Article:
Senator Steans

March 27, 2017

Dear Friends,

 

We are halfway through the legislative session and many pieces of legislation are moving on to their second reading on the Senate floor.

 

Though the week before last was the deadline for substantive bills to move out of committee, many Senators filed for an extension. The new deadline on several bills, though not all, is April 7.

 

Once again, I have included legislation introduced by both Democrats and Republicans in the list below. I support some of this legislation and do not support others. I have noted both so that you can stay informed and decide which pieces you’d like to support or oppose. I have grouped the legislation by subtopic to make it easier to navigate.

 

If you would like to see all of the bills that are posted to a committee, click here and select the committee you’d like to review. The list can be found under “bills” on the committee page.

 

For directions on how to submit a witness slip to show your support or opposition to a particular bill, click here. By clicking the link next to each committee below, you can see who has submitted witness slips and submit a witness slip of your own.

 

Please let me know if you have any suggestions or feedback on how to improve this email update. As always, please do not hesitate to contact my office at 773-769-1717 or online with any questions or concerns. Lastly, if someone forwarded this message to you and you’d like to sign up for this list, click here.

 

Sincerely,
Heather Steans
Senator Heather Steans
7th District – Illinois

 

Noteworthy legislation in committee this week

 

Criminal and civil law issues

  • Jury service - SB 889 prohibits jurors from being excluded from jury service on the basis of race, color, sex or sexual orientation. (Hutchinson)

  • Order of protection - SB 1291 allows a family member or law enforcement officer to request an emergency order of protection if an individual poses an immediate threat to them or another person. This would require the individual to turn over firearms for the duration of the order. (Morrison)

  • Civil asset forfeiture - SB 1578 requires probable cause to seize property and removes financial incentive for police to do so. (Harmon)

  • Officer-involved shootings - SB 58 requires police officers involved in shootings to submit to drug and alcohol testing within one hour to ensure they were not impaired while discharging a firearm. (Hunter)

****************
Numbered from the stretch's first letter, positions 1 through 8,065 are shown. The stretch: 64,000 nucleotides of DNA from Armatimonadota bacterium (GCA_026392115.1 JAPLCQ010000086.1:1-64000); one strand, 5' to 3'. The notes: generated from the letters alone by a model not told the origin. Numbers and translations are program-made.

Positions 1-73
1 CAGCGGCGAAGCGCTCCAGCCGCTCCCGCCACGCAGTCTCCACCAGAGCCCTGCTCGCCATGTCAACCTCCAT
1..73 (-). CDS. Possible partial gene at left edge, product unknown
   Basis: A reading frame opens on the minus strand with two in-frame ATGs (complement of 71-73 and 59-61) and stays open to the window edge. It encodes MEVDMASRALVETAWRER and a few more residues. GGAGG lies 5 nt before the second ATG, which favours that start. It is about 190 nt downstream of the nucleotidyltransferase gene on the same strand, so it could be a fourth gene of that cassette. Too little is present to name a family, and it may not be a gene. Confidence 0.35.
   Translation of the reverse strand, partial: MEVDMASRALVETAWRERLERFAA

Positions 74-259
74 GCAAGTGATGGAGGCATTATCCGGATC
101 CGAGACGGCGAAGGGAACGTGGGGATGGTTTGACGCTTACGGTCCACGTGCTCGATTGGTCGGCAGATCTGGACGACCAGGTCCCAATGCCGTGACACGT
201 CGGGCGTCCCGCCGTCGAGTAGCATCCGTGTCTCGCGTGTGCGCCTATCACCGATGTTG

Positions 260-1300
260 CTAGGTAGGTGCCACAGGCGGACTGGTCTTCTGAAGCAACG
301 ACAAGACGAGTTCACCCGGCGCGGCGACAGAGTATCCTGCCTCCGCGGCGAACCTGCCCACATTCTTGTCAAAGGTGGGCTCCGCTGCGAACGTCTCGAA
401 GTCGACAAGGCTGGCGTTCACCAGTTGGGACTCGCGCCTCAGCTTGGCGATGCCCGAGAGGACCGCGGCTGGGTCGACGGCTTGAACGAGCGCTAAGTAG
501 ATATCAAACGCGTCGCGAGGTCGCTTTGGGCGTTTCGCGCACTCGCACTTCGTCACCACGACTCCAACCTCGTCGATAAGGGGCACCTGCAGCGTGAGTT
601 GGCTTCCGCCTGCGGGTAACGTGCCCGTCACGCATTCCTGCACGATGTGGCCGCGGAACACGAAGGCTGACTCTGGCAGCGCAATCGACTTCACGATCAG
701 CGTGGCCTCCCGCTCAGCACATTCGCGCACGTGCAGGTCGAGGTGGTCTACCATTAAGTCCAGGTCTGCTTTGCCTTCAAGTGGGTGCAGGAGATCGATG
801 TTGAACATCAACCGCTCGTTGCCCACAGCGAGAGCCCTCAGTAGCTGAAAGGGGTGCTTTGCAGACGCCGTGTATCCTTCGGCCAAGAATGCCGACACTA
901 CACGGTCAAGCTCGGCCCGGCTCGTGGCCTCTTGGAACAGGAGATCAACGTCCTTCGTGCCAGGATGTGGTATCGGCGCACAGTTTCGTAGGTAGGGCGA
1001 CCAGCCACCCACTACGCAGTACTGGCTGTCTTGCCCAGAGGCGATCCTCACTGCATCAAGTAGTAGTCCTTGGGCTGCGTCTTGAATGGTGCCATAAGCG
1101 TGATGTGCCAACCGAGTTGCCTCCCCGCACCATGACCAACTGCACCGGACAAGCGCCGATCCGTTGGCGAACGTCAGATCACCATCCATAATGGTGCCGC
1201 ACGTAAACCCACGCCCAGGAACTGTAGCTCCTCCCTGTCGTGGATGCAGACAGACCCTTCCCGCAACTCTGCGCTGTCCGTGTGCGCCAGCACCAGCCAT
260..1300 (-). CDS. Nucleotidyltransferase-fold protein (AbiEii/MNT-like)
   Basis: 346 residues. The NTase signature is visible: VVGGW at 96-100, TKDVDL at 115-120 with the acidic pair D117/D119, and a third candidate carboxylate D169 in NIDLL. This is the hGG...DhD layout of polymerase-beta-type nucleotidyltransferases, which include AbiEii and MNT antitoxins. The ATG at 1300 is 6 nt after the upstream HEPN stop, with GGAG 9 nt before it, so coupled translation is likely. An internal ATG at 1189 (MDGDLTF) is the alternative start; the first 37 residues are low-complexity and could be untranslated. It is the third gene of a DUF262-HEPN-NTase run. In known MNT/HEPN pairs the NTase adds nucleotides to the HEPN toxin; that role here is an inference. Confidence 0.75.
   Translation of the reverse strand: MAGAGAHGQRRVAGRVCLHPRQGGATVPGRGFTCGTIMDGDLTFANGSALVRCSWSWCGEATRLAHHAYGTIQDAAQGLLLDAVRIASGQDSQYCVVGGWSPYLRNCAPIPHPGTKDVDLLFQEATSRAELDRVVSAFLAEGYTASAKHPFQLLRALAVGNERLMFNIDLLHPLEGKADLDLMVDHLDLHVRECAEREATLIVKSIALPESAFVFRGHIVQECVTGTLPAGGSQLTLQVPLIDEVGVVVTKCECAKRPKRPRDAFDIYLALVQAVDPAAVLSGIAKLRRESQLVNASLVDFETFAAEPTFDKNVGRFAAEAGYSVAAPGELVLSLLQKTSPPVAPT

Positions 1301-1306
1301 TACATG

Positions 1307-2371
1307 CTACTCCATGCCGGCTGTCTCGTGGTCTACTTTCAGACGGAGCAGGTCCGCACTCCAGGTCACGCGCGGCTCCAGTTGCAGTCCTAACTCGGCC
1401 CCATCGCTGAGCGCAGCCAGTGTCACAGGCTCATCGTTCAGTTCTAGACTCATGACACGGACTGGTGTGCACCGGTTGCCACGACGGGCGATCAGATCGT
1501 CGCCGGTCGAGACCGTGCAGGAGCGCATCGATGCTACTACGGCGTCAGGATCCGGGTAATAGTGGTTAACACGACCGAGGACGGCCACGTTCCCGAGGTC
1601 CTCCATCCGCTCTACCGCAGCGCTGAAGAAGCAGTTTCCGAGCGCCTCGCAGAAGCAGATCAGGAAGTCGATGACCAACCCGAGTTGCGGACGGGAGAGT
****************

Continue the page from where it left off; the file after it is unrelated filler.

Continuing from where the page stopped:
• Bail - SB 552 removes a court's discretion to determine bail. The court can either release or keep an individual in custody based on the crime or risk assessment evaluation. (Trotter)

  • Legal counsel for minors - SB 1265 requires that minors who have been accused of a serious crime have legal counsel present during interrogations. (Van Pelt)

Education issues

  • Accelerated school - SB 1223 allows students to be referred to and partake in an accelerated placement program. (Lightford)

  • Guaranteed funding for the U of I - SB 222 requires the University of Illinois to meet certain benchmarks in attendance, retention and performance in return for guaranteed funding for the next five years. (Cunningham)

  • Removal of board officers - SB 1945 establishes a process for removing and replacing elected university and community college boards. (Tracy)

Energy issues

  • Renewable Portfolio Standard - SB 71 changes the effective date of the Renewable Portfolio Standard portion of the energy bill passed in the fall to give an immediate effective date to the RPS portion of the bill. (Harmon)

Human service issues

  • Human service hardship - SB 1522 requires the Department of Human Services to develop a process for a facility experiencing cash flow issues to request a hardship payment from a managed care organization as an advance against money the managed care organization owes the facility. (Steans)

  • Nursing home reimbursement rates - SB 1559 replaces the state's current static wage adjuster with an adjuster that considers facility-specific staffing levels and wages paid for the new nursing services reimbursement method. (Steans)

  • Hospital dumping - SB 1624 halts the improper involuntary discharge of residents and fines nursing homes that do so. (Biss)

  • Personal needs allowance - SB 1353 Increases the total monthly personal needs allowance for every resident living in a community integrated living arrangement, long-term care facility, or Intermediate Care Facility for individuals with Developmental Disabilities that is eligible for medical assistance to $60 from state and federal sources. (Steans)